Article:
|Type of medicine||Alpha-blocker|
|Used for||Enlargement of the prostate gland in men|
|Also called||Tablets: Xatral®
Prolonged-release tablets: Xatral® XL, Besavar® XL, Fuzatal® XL, Vasran® XL
|Available as||Tablets and prolonged-release tablets (these release alfuzosin slowly throughout the day to give a more even effect)|
The prostate gland commonly becomes larger in older men. Prostate gland enlargement is also called benign prostatic hyperplasia (BPH). It can cause problems with passing urine, such as having to wait before your urine starts to flow, taking longer at the toilet, dribbling, and a feeling that your bladder is not quite empty.
Alfuzosin works by relaxing the muscles around your bladder and prostate so that you can pass urine more easily.
Before taking alfuzosin
Some medicines are not suitable for people with certain conditions, and sometimes a medicine may only be used if extra care is taken. For these reasons, before you start taking alfuzosin it is important that your doctor or pharmacist knows:
- If you have liver, kidney, or heart problems.
- If you ever feel dizzy or faint when you stand up, or if you have ever fainted after passing urine.
- If you are are due to have cataract eye surgery.
- If you have ever had an allergic reaction to this or to any other medicine.
- If you are taking any other medicines, including those available to buy without a prescription, herbal and complementary medicines.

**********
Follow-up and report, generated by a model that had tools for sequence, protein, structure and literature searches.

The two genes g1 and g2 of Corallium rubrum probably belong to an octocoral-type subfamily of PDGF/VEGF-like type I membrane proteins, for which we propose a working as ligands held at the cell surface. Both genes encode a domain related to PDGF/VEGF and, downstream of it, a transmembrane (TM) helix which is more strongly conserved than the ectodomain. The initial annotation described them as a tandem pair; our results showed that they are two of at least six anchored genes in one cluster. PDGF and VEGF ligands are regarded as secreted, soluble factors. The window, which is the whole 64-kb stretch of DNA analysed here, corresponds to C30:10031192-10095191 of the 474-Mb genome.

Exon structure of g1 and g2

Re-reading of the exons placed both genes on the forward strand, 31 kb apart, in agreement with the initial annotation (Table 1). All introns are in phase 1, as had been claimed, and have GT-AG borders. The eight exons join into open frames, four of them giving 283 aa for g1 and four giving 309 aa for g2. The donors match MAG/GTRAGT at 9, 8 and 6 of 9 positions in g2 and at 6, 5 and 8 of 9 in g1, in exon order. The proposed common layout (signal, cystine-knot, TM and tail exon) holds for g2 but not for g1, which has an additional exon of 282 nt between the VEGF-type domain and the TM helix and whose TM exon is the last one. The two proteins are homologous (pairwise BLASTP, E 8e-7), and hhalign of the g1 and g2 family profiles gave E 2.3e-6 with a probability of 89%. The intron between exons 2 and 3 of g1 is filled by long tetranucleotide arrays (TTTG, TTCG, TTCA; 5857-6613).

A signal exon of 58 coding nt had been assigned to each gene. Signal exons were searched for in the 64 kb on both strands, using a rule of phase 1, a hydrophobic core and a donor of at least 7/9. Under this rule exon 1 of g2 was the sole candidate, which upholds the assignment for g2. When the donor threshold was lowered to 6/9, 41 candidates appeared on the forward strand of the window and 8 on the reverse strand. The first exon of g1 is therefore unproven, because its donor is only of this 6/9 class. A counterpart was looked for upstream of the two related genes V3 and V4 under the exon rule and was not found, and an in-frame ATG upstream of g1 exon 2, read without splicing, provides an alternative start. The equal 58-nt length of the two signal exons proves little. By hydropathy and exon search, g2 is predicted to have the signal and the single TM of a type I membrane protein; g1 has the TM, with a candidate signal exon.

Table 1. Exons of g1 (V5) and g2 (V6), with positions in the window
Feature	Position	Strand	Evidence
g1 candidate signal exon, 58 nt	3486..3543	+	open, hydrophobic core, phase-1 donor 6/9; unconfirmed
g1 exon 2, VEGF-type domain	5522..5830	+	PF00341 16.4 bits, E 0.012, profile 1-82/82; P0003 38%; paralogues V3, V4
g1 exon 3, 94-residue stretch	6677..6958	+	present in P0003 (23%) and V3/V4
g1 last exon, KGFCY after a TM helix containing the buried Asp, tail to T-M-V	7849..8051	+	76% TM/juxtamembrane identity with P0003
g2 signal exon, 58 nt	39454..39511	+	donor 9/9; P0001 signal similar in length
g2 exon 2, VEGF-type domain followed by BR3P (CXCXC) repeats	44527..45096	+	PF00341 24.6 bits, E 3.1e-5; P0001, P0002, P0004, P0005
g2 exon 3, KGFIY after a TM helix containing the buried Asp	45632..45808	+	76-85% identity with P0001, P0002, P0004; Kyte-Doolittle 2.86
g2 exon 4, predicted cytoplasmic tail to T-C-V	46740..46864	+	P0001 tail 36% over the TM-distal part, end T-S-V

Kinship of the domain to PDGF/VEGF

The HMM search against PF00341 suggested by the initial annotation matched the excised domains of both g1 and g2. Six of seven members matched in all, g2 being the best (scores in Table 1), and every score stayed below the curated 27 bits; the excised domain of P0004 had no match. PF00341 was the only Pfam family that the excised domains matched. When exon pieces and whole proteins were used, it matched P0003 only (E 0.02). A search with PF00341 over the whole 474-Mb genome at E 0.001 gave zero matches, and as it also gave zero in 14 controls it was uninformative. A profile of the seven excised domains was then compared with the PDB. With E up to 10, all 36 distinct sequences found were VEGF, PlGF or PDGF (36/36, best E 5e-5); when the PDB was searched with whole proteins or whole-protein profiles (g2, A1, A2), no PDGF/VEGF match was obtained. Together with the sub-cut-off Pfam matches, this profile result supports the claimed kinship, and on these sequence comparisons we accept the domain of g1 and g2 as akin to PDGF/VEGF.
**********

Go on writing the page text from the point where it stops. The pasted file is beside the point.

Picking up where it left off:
How to take alfuzosin
- Before you start this treatment, read the manufacturer's printed information leaflet from inside your pack. The leaflet will give you more information about the specific brand of alfuzosin you have been given, and a full list of possible side-effects from taking it. Take alfuzosin exactly as your doctor has told you.
- If you have been given immediate-release tablets (2.5 mg strength), the usual dose is one tablet three times each day, although this can vary. Your doctor will tell you what dose is right for you and this dose will also be on the label of your tablets. Your first dose of alfuzosin may make you feel faint, so it is important that you take it at bedtime. If you feel dizzy or weary, or if you start sweating, remain lying down until these symptoms have gone.
- If you have been given prolonged-release tablets (these have 'XL' after the brand name), take one each day. Take your dose with a snack or just after eating a meal, and try to take your doses at the same time each day. This will help you to avoid missing any. These tablets should be swallowed whole with a drink of water - do not crush, break, or chew them.
- If you forget to take a dose, do not worry, just take the next dose when it is due and carry on as before. Do not take two doses together to make up for a forgotten dose.
Getting the most from your treatment
- Alfuzosin can cause dizziness particularly when you first start taking it. Make sure your reactions are normal before you drive or do things which would be dangerous if you were not fully alert.
- You are advised not to drink alcohol while you are on alfuzosin. Alcohol will increase the side-effects of alfuzosin such as feeling faint or dizzy.
- Keep your regular appointments with your doctor so your progress can be monitored.